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Charm School

Leave the grand and beautiful restaurants to the tourists; humble Fleur de Sel -- with its laid-back grace and flawless menu -- teaches us a few lessons about what truly matters.

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As much as people analyze and hypothesize about our relentless pursuit of beauty and the inordinate amount of power given to it in our culture, it's really a fairly obvious trait. You don't have to be Camille Paglia (whew!) to recognize the universal appeal of Michelangelo's David or Makena Beach in Maui, or to understand why David Letterman fails to blink while he interviews the model Gisele Bundchen. Charm, however, is a far more elusive quality. It requires time to be discovered. Its origins are not as easy to divine.

For example, a restaurant can be deemed beautiful as soon as you walk through the door. Most anyone who has been there remembers the moment when, after you ascended the staircase, the dark, rigid grandeur of The Four Seasons' Grill Room first came into view, or your maiden dance under the Deco chandelier on the Fred-and-Ginger-perfect floor of the Rainbow Room. But charm is rarely a first-sight kind of sensation. You won't necessarily find it woven into the curtains or hanging from the ceiling. You have to sit down and wait.

Take Fleur de Sel. The entrance has been under a scaffold from the day it opened on a bleak Flatiron-district street that boasts less foliage than the Bonneville Salt Flats. The room is stolid, square, and overly lit in spots (it's bright enough by the window for Georgette Klinger to inspect your pores), with a flat terra-cotta floor, perfunctory café furniture, and equally unremarkable flowers. Worst of all, two of the walls are exposed brick, the calling card of all thoughtless seventies-era urban renovation, sure to unwittingly (and unpleasantly) remind you of wine bars and loft beds. Hopeless, right?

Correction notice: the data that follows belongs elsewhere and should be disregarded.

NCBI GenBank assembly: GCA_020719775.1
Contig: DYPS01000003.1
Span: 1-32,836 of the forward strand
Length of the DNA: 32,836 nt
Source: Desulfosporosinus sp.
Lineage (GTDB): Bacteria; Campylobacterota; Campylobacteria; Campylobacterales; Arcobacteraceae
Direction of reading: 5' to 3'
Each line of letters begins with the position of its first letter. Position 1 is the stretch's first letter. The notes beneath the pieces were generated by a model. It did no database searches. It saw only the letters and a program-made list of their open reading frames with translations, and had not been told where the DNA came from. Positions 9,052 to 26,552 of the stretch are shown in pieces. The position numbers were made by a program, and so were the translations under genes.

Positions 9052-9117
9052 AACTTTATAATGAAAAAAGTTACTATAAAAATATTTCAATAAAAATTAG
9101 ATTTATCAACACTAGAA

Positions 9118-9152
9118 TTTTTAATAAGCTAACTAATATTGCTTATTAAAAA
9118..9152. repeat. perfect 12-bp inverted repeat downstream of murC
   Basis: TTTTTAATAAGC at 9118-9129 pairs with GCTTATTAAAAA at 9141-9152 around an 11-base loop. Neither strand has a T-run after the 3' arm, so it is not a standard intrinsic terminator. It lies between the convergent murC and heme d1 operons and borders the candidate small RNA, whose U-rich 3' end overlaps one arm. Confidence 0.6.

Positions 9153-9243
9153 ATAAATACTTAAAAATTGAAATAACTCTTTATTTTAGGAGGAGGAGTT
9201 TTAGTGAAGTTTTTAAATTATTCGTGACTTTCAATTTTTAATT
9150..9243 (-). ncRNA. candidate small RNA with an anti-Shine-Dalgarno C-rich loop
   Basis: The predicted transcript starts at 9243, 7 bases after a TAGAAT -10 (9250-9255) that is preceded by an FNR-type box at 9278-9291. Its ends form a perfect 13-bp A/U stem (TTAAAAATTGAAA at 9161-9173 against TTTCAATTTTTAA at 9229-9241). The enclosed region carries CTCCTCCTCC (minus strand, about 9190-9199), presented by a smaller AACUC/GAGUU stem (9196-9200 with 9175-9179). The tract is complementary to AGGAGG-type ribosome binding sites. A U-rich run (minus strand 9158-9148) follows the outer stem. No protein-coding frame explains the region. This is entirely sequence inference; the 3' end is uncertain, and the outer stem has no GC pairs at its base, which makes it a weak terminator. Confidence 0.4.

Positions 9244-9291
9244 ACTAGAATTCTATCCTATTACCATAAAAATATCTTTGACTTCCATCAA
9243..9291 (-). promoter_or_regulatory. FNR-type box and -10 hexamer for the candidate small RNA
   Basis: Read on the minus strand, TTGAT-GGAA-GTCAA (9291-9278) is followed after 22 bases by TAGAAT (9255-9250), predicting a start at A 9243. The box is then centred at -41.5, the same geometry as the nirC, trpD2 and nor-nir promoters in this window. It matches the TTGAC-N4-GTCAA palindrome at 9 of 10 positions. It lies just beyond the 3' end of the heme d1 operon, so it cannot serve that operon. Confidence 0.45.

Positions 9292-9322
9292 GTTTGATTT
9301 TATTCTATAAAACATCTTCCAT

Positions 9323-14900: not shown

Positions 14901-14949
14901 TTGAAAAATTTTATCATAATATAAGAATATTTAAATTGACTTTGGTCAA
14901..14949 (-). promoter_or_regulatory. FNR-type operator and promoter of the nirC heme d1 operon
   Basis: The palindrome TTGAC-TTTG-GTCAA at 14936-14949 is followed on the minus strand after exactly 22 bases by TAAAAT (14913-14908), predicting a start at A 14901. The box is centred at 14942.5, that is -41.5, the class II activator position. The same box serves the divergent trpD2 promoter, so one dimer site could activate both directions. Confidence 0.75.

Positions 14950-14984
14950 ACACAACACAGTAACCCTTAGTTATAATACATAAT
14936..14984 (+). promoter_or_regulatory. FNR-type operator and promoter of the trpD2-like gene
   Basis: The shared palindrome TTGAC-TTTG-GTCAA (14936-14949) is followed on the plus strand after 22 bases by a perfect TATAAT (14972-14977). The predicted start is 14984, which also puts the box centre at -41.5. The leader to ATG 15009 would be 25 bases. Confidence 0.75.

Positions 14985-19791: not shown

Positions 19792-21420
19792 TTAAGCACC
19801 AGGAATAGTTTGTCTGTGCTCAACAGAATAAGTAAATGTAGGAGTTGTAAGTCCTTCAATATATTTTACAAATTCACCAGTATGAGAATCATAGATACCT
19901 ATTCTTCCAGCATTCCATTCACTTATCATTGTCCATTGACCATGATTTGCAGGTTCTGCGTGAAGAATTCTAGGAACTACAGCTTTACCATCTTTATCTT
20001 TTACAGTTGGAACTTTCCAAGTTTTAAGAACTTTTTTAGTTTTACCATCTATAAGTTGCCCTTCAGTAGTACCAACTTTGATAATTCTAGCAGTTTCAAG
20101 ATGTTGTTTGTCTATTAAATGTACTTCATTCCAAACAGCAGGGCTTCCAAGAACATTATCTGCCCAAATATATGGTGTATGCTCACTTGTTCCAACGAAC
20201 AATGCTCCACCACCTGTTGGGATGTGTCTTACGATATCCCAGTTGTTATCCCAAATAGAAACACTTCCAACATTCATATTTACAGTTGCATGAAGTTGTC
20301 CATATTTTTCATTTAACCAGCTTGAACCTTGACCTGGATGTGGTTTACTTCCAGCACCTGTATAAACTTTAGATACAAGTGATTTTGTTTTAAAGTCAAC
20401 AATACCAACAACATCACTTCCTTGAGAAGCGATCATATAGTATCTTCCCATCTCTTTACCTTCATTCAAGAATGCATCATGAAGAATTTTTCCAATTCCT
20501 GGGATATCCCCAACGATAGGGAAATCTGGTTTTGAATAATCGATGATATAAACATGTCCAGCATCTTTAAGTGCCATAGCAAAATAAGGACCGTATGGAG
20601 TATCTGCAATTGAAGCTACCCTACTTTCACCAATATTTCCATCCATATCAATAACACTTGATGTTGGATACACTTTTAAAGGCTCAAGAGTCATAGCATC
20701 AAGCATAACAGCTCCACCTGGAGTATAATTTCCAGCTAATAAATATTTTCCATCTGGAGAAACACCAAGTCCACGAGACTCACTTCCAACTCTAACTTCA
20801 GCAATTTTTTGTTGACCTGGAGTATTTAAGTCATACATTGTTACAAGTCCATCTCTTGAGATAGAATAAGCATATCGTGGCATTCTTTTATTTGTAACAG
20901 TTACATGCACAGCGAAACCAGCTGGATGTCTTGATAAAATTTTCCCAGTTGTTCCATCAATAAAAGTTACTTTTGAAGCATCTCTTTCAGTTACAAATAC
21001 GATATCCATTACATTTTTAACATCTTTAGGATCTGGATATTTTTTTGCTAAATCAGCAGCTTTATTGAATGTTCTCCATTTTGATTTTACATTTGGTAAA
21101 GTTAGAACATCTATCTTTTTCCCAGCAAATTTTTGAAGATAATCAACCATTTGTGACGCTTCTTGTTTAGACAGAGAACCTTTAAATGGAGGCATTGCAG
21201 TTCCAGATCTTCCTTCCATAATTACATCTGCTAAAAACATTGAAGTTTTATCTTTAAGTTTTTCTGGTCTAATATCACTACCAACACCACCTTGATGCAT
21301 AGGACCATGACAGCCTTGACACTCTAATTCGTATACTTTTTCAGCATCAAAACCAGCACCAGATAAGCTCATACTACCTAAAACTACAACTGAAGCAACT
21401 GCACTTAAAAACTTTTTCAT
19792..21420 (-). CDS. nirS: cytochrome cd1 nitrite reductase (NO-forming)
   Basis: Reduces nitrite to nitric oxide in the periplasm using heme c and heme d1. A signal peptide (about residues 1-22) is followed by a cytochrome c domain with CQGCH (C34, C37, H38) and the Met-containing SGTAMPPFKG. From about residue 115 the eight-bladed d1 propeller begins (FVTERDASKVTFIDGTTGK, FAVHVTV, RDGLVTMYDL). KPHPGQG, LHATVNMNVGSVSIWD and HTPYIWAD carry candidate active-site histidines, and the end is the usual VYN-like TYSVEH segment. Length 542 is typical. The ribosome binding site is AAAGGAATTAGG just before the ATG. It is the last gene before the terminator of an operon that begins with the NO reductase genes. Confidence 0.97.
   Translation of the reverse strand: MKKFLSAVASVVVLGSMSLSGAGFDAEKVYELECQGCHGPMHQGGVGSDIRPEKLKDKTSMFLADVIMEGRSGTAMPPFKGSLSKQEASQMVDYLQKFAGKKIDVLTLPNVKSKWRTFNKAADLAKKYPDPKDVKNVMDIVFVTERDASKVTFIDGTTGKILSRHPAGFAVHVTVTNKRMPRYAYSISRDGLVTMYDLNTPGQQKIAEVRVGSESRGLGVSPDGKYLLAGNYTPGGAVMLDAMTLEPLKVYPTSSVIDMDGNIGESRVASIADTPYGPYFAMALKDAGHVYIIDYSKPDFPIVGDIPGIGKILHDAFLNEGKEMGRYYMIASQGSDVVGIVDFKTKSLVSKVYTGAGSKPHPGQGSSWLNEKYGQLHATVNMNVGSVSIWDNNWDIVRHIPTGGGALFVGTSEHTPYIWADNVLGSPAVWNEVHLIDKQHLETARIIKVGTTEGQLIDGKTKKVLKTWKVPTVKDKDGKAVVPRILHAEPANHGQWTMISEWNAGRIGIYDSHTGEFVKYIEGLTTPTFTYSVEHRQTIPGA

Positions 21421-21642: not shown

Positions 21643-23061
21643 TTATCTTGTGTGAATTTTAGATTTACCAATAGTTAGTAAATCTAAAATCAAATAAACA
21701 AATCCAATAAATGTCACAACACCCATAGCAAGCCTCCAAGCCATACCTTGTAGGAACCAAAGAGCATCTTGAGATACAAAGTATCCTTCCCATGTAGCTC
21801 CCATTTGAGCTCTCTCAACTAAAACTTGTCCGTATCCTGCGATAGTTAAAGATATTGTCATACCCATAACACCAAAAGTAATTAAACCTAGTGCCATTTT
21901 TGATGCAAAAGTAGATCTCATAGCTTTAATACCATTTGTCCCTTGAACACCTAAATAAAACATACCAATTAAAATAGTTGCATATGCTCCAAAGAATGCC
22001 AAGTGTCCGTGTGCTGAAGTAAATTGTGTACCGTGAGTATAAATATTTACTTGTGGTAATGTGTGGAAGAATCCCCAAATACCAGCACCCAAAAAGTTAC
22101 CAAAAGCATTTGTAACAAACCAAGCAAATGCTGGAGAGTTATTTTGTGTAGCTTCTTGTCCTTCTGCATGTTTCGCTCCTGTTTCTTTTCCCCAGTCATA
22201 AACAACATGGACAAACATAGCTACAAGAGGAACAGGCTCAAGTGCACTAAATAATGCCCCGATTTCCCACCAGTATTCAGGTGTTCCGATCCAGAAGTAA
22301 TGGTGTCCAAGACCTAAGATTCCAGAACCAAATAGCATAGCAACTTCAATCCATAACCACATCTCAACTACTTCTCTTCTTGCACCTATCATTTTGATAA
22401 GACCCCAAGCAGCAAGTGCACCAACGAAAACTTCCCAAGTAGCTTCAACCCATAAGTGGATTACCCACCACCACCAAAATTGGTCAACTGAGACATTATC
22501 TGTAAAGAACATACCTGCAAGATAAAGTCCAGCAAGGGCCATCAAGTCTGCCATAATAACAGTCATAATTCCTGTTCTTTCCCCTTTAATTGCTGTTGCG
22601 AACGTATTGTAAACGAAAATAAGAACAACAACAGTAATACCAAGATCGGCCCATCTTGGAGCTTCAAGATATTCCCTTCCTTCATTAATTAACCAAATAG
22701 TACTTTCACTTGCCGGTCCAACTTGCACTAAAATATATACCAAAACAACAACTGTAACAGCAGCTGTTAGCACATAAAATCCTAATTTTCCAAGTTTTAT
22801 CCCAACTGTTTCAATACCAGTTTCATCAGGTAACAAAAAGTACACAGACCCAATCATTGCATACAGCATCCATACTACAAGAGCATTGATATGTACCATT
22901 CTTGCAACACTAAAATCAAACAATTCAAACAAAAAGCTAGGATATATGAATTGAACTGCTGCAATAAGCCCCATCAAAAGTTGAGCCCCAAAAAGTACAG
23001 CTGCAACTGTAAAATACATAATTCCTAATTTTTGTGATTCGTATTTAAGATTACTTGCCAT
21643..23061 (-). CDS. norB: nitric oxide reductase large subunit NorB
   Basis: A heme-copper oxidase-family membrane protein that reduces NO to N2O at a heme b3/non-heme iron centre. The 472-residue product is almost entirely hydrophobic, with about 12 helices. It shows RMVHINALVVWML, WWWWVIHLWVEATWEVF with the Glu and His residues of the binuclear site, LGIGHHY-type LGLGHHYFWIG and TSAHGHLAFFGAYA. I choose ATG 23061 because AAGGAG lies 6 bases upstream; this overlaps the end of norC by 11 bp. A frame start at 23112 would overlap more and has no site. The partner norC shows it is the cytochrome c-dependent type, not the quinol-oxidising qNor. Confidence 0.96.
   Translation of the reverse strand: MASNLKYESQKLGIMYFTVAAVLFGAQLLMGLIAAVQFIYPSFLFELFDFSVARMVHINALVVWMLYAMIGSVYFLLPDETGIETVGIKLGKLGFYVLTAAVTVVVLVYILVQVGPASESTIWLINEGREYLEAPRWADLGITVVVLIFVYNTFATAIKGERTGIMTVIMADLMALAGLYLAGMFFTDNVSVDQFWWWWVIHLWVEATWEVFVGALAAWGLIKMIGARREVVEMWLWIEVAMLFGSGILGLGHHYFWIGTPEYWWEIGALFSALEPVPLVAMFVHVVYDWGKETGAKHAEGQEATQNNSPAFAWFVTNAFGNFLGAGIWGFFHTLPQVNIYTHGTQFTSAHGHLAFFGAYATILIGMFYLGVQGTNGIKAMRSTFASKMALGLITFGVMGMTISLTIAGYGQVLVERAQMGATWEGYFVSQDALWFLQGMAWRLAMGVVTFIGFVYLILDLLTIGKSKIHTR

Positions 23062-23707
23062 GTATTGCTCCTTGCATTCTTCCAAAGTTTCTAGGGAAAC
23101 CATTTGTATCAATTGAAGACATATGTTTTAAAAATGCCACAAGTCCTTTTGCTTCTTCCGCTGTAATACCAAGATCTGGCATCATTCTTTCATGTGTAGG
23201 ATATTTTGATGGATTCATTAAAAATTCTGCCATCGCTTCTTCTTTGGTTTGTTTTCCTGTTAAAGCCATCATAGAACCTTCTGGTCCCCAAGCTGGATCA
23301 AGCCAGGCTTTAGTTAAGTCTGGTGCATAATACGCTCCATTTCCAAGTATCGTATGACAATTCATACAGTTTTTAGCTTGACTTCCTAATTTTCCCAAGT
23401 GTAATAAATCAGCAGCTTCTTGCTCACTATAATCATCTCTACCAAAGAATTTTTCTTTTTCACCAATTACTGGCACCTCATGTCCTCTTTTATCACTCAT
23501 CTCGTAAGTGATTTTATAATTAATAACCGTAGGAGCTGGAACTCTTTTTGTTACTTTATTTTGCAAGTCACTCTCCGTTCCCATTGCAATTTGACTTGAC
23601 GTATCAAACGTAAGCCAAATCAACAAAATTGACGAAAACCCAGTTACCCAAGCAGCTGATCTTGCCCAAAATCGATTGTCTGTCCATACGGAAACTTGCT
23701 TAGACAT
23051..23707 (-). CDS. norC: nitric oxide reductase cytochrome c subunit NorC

Didn't I tell you to wait? I have been to Fleur de Sel about a dozen times now, and not always for work. Why? Because it is gently winning, unfailingly satisfying, and effortlessly charming. There may be nothing compelling to look at -- other than your dinner companions, so choose wisely -- but for all its lack of splendor, a relaxing sensation takes over as soon as you enter the room, like a kind, warm hand firmly landing on your shoulder, assuring you that there is nothing more to worry about. Your last stressful decision was made when you passed under the scaffolding. This is one contented room. Half its inhabitants probably don't even notice the brick.

Should your suspicions remain, they will soon be dismantled by the confidence of the staff, each of whom seems to be willing to perform any task for your benefit, from taking your coat to refilling a water glass. The small room never feels close or cramped because everyone moves from one task to the next with smooth assurance. Best of all, everyone involved exudes pride in what Fleur de Sel offers: a finely honed menu with virtually no missteps, marked by a preference for grace and delicacy, boldness without boasting, and balance without a touch of blandness.